Time was when investors feared inflation. Economics teachers told us that if a country ordered or allowed its central bank to print too much extra money it would be inflationary. It was true that the theory told you that if there was plenty of spare stock, excess capacity and surplus labour then extra money might bring those into play first, but it would not be long before excessive money creation led to price inflation as supply could not be quickly and greatly expanded.
There were plenty of warning examples of what happened if a country ignored these iron truths of economics. Weimar Germany was issuing small stamps overprinted with 100 million marks as their denomination before the hyperinflation was finished. More recently, Venezuela and Zimbabwe have shown how a country can lose complete control of its currency and create pricing mayhem.
When inflation leaps daily shelves empty, barter replaces cash transactions or people resort to a foreign currency as a store of value. The international value of the currency plunges making imports very expensive.
The equation that relates money to prices and output does of course modify the money variable by the velocity of circulation. Were a central bank to issue twice as much money but the recipients used the resulting money only half as often, the price level should stay the same. It is only if people or the government try to spend the extra money created on top of their normal spending will there be an inflationary explosion from issuing more cash.
Today, we need to ask how much longer the reputable central banks of the main economies can carry on creating extra money without it causing a general inflation. Can the Fed and the ECB continue to assume that they are following the Japanese model?
The Fed is still creating an extra $120bn a month, and the European Central Bank is working its way through the manufacture of another €1,850 billion. For many years now the Bank of Japan has been able to create many extra yen, to buy up government bonds and to facilitate the Japanese government borrowing huge sums at around zero interest to spend on public works and services. It has not so far proved inflationary. In contrast modern Venezuela has created a run on its currency and a major upsurge in prices from printing and spending too much in the old way.
In practice, creating more money is always to some extent inflationary. In the case of Japan, it has inflated the prices of Japanese bonds and shares, as the money has been applied to buying up those for the central bank collection. In the US, it looks as if some of the extra money has led to other price rises as too much money hits too few goods in certain markets. Property as an alternative asset to bonds probably rests at higher levels in markets with central banks printing more cash than if they were not.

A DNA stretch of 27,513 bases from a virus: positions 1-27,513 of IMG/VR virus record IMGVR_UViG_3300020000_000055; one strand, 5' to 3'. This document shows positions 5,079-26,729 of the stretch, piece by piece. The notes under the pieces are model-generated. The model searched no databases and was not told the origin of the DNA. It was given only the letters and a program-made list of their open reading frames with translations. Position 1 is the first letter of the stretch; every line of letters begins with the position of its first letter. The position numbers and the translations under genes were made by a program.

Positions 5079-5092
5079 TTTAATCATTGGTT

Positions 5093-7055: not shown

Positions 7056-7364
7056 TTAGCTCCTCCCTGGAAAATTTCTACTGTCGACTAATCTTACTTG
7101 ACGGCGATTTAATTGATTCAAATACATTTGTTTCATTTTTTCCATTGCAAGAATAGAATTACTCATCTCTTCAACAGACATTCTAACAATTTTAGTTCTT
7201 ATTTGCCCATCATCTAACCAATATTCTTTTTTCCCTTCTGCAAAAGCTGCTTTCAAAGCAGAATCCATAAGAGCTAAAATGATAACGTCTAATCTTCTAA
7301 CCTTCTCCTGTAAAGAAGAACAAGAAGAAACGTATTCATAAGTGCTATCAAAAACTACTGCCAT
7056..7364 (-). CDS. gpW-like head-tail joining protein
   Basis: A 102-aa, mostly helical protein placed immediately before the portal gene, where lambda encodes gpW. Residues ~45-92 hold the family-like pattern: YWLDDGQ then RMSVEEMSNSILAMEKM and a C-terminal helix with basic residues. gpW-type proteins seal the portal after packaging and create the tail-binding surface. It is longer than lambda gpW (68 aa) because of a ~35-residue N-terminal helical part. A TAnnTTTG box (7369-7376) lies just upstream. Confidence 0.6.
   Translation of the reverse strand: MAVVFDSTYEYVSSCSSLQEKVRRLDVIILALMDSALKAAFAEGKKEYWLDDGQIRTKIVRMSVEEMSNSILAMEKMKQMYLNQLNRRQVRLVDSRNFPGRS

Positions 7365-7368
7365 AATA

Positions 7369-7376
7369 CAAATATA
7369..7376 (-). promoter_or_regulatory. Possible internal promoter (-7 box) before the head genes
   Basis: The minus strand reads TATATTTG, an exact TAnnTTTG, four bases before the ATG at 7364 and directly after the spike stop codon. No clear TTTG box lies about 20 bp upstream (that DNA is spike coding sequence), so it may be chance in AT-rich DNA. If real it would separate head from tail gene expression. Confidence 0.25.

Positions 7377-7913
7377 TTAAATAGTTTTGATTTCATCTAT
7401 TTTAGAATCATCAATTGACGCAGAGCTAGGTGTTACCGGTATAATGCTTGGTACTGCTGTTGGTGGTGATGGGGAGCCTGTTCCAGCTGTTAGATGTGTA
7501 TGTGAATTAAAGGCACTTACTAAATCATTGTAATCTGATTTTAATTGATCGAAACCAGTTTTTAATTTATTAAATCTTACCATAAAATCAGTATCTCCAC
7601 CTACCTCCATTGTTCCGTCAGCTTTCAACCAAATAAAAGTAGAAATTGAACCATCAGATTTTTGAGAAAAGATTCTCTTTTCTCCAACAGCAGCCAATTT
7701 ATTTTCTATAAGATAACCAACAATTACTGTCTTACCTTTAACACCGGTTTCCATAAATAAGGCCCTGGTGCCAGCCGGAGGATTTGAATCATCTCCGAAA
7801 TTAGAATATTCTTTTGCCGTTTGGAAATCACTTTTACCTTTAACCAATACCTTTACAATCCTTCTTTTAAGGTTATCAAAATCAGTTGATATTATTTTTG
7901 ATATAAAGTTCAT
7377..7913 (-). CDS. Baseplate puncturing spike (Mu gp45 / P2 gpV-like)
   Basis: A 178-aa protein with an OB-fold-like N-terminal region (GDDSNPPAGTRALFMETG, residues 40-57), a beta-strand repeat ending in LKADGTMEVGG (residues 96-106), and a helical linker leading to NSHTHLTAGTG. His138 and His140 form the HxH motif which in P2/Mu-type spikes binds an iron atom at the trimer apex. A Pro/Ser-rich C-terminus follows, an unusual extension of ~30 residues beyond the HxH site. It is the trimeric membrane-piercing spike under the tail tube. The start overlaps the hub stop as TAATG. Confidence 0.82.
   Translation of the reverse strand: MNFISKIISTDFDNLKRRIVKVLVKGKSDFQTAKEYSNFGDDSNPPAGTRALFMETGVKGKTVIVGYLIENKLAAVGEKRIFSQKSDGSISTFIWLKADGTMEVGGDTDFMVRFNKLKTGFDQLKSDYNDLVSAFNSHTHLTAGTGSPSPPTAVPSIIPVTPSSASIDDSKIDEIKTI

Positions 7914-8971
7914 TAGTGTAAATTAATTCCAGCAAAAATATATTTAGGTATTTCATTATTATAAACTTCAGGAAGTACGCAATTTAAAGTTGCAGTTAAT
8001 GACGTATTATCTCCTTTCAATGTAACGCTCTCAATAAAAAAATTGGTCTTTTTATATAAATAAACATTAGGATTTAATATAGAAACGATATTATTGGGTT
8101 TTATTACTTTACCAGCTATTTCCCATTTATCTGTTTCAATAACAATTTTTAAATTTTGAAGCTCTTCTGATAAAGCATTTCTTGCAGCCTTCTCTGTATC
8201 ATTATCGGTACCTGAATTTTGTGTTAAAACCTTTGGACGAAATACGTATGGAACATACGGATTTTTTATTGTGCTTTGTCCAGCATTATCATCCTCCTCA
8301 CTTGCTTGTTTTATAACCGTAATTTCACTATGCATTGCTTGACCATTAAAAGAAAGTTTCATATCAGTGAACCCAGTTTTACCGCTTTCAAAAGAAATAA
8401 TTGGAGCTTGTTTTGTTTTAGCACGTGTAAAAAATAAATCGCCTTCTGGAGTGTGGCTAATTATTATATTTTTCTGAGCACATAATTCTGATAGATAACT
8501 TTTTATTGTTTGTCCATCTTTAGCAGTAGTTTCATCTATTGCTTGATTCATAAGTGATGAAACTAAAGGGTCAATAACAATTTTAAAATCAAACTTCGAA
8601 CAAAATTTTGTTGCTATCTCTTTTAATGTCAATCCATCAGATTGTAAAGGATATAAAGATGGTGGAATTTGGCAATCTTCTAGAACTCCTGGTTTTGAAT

So far, the latest massive round of money creation by all the main central banks has not been too much of an influence on the general price level. The velocity of circulation of the money has fallen away as more has been created. The cash has come to rest in the accounts of financial institutions and savers who have not been spending it on goods or services sufficiently to force up the price level, or it has been used to unleash a substantial inflation in financial assets.
During the big dive of economies forced into lockdown to combat the pandemic in 2020 there was much involuntary or prudent saving by people who could not spend all their income, and there was a fall in investment and borrowing to expand as businesses sought to conserve cash. These contractionary forces offset the extra public money and public subsidy programmes.
As economies come out of lockdown there has been a bit more general inflation around, particularly in areas of scarcity or in sectors where they think they can price up a bit after a period of closure. This will only become a more general and long-lived problem if the extra liquidity in the system is used more actively.
Were velocity to return to anything like pre-Covid-19 levels there will be a substantial inflation. The central banks have remained very liquid. Were they to use that extra money to increase the credit they extend to individuals and companies, that too could prove inflationary.
Japan a nation of savers
So why hasn’t inflation in Japan reappeared or taken off? After all, its central bank has allowed government borrowing to expand to around 250% of GDP and have bought up bonds to a value in excess of annual GDP. It seems to be the case that an ageing and declining population has not wanted to take advantage of the expanded cash balances and the opportunities to borrow more at very low interest rates to expand their purchases to create shortages. Japan has all but abolished inflation since its banking crash of the late 1980s, with many people favouring savings over borrowing more.
The US cannot expect that its younger and growing population will necessarily behave in this Japanese way. As the economy improves, they should expect people and companies to want to spend and borrow more. The authorities will need to rein in excess money printing in good time, and ensure they supervise the expansion of credit by the commercial banks in a timely and sensible way.
The Bank of England has already signalled that it thinks its £875bn of government bond buying over the period of Covid-19 closures is enough, has slowed the programme and is now proposing a more conventional strategy to keep prices down from January next year.
The European Central Bank remains wedded to printing more at least until the end of the first quarter of 2022 and maybe beyond. They may be right in hoping that their economy, also with an ageing and falling population in many countries, has more of the characteristics of Japan to avoid inflationary problems as it has done so far.
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